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Iraq: U.S., France Have Fundamental Differences Over Strategy Toward Baghdad

The French government appears convinced that there is no way of stopping a U.S.-led attack on Iraq in the coming weeks or months but says it will participate militarily only if the UN explicitly backs such action. Yet last week, President Jacques Chirac told his military commanders they must now be ready for any eventuality. RFE/RL speaks with French analysts to get a better understanding of France's position.

Paris, 15 January 2003 (RFE/RL) -- The French government has said repeatedly over the past several weeks that it will not join any U.S.-led military coalition against Iraq unless the United Nations Security Council explicitly finds Baghdad in violation of a key resolution it passed in November.

Resolution 1441 called on Iraq to reveal all of its weapons of mass destruction -- chemical and biological, as well as nuclear weapons-- to a team of UN inspectors now on its soil and warned that any omissions or false statements would have serious consequences.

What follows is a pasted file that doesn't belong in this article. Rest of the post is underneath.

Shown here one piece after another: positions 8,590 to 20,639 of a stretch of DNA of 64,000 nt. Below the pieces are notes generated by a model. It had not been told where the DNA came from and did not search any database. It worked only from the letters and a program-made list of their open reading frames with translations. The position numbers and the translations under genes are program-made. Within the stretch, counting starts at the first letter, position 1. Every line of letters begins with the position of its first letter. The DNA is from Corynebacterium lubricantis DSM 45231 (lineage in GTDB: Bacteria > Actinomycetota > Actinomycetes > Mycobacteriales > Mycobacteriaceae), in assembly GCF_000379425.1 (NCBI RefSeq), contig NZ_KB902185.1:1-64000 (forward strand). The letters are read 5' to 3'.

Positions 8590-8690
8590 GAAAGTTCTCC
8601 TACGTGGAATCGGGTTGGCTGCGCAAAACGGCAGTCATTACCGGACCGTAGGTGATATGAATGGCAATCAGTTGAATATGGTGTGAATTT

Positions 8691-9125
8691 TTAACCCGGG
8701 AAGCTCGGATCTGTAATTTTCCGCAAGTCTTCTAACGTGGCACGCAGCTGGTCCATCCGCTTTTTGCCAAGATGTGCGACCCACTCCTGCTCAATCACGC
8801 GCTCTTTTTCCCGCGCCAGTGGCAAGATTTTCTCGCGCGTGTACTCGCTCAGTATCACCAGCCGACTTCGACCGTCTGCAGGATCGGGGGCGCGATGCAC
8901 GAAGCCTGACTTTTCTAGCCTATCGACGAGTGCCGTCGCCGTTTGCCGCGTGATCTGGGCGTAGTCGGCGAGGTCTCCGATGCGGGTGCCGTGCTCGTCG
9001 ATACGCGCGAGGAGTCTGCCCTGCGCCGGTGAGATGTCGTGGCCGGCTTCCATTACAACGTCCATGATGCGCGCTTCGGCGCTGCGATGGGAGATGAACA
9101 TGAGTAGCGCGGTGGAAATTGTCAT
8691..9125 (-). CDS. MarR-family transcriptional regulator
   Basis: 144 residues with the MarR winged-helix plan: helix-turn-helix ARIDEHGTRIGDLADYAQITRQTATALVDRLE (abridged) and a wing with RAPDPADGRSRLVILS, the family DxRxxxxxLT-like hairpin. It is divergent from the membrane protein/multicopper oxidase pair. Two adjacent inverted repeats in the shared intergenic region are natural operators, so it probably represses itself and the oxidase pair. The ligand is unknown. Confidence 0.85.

While the United States has repeatedly warned that it may take unilateral military action, France -- together with other Western European countries, including in recent days, Britain -- has urged that UN inspectors be given sufficient time to complete their work before any military retaliation is undertaken. France and other Western European countries also have pleaded that war against Iraq should be considered a last resort after all diplomatic efforts have failed.

French President Jacques Chirac repeated that sentiment yesterday after talks with German Chancellor Gerhard Schroeder, saying a political solution to the Iraq crisis should be exhaustively pursued. French Prime Minister Jean-Pierre Raffarin, meanwhile, told parliament yesterday that his government's opposition to war had not changed.

Jacques Beltran is an analyst of trans-Atlantic relations at the French Institute for International Research, known as IFRI. He described the differences between the United States and French positions as fundamental. "France's position has been rather consistent over the past several months. It holds that recourse to force is not excluded but that it must be the last possible solution. Above all, it must be a decision made by the Security Council and not in a unilateral, bilateral, or trilateral manner, but the result of a negotiation process within the council itself. Today, we are not certain the Americans consider war as the last possible option," Beltran said.